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Justice Ruth Bader Ginsburg warns of "sharp divisions" in upcoming Supreme Court cases

Supreme Court to rule on gerrymandering

Supreme Court Justice Ruth Bader Ginsburg warned that hotly anticipated upcoming decisions by the Supreme Court may be split along 5-4 votes. Ginsburg spoke to the judicial conference of the U.S. Court of Appeals for the 2nd Circuit in New York on Friday, noting that while only a quarter of the court's decisions so far have been divided, that pattern is likely to change.

"Given the number of most-watched cases still unannounced, I cannot predict that the relatively low sharp divisions ratio will hold," Ginsburg said. There are five conservative and four liberal justices on the Supreme Court, meaning that the conservatives can stick together to create a slim majority in controversial cases.

With Supreme Court business set to conclude by the last week of June, there are several key cases which remain undecided. One critical case is on the Trump administration's decision to add a citizenship question to the 2020 Census. Critics argue that adding such a question could deter non-citizens from self-reporting, which in turn could lead to an undercount of primarily Hispanic voters in Democratic states. This could affect congressional apportionment and benefit rural, more Republican states.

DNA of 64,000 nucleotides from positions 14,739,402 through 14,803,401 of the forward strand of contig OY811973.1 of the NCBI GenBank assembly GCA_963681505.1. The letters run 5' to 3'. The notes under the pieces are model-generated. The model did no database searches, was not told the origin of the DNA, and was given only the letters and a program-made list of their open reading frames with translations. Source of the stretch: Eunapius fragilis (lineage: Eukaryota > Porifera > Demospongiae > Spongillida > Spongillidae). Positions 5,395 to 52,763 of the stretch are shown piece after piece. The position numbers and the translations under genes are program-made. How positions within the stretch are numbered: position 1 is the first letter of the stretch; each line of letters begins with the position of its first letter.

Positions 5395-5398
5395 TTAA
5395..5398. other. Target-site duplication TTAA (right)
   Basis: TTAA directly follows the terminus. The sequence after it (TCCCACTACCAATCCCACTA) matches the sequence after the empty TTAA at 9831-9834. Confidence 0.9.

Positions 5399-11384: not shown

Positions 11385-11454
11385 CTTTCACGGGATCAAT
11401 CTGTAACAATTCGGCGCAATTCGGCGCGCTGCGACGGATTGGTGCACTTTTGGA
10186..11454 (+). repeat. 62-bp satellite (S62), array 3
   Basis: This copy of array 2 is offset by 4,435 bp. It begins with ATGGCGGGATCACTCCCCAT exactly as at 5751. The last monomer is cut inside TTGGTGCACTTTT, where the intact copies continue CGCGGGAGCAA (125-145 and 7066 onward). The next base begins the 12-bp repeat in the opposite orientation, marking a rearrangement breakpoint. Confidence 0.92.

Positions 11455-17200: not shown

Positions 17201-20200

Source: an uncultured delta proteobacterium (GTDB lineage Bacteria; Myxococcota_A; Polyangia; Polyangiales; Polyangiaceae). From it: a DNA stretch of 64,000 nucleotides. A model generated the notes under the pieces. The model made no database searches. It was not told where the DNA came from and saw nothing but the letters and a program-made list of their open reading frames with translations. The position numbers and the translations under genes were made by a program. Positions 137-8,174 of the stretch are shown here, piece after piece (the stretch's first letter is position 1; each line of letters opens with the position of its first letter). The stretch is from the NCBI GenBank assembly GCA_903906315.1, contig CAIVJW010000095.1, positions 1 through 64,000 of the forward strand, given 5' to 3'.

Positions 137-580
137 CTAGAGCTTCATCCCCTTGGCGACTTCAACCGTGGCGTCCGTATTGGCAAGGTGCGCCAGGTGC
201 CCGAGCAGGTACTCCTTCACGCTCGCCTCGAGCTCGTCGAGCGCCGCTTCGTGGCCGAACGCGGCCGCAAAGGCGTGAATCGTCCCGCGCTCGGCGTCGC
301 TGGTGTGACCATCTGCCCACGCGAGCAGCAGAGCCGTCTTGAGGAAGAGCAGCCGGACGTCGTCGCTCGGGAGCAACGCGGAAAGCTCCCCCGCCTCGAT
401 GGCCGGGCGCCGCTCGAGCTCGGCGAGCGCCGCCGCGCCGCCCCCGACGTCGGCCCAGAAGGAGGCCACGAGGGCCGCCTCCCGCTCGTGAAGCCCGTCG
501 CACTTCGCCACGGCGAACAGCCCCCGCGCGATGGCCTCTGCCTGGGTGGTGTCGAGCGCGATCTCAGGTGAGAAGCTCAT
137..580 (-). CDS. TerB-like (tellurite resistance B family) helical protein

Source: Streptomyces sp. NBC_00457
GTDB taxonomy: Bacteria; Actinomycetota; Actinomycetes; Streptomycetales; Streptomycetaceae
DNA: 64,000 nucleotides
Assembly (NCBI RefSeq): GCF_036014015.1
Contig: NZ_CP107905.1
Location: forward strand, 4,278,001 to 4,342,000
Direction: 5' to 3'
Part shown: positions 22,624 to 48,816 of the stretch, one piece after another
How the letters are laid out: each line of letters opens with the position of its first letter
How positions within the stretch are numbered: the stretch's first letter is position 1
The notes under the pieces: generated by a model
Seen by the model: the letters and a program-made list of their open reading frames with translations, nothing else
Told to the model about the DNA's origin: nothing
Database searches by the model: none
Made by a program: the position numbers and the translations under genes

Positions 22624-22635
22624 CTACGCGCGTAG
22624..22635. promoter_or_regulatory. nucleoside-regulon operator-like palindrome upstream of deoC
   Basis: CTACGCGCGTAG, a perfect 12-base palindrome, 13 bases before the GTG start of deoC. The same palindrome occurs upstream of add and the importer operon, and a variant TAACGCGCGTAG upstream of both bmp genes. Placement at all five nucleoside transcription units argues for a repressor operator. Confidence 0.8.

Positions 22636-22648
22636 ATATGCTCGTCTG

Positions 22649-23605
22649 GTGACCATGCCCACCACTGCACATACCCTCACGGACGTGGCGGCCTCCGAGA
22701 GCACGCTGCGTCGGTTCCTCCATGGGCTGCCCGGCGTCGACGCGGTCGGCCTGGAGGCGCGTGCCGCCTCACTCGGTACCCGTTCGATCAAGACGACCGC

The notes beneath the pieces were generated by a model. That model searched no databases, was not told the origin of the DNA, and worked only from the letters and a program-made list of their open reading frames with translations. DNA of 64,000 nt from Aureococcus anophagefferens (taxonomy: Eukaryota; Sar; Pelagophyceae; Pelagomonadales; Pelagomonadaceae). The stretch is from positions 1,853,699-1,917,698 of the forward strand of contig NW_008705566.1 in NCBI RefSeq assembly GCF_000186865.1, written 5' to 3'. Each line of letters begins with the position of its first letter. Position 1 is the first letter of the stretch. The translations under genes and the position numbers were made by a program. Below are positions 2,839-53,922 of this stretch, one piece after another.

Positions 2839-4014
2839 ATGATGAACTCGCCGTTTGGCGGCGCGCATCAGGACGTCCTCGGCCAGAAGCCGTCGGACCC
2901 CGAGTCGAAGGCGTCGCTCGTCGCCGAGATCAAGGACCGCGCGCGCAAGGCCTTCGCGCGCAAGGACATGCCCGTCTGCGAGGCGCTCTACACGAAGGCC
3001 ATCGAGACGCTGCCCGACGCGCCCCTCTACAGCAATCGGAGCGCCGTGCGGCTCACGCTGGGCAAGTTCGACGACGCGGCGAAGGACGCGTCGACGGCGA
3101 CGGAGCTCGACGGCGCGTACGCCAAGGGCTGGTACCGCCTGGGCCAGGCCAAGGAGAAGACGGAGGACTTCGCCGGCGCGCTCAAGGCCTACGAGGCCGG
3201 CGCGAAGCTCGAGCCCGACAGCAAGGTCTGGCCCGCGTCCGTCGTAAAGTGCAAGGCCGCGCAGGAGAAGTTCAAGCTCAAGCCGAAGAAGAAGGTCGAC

In the weeks since the case was argued before the court, this suspicion has been bolstered by the revelation that a Republican expert on gerrymandering had advocated for adding the question in order to benefit "Republicans and Non-Hispanic Whites." A report released this week found that the census could undercount more than 4 million people, particularly in Latino and African American communities.

In the arguments before the court earlier this year, the conservative Supreme Court justices appeared skeptical that adding a citizenship question could be lead to an under-count of non-citizens. Justice Neil Gorsuch, a Trump appointee, noted during the arguments that many other countries include citizenship questions on their censuses, according to The Associated Press. It's possible that the five conservative justices could rule in favor of the administration in the coming weeks. Ginsburg called the case one of "huge importance."

Other critical cases, which have yet to be decided, are political and racial gerrymandering from Virginia, Maryland and North Carolina. The court must decide whether gerrymandering state legislative and congressional districts in order to dilute the power of a certain party or people of a certain race violates a person's voting rights.

"Given modern technology, a state legislature can create a congressional delegation dramatically out of proportion to the actual overall vote count," Ginsburg said, according to The Washington Post, adding "however one comes out on the legal issues, partisan gerrymandering unsettles the fundamental premise that people elect their representatives, not vice versa."

The Supreme Court will also make a decision on a case regarding jury selection bias, Flowers v. Mississippi, in which a black death row inmate was convicted and sentenced to death after the prosecutor dismissed five prospective jurors.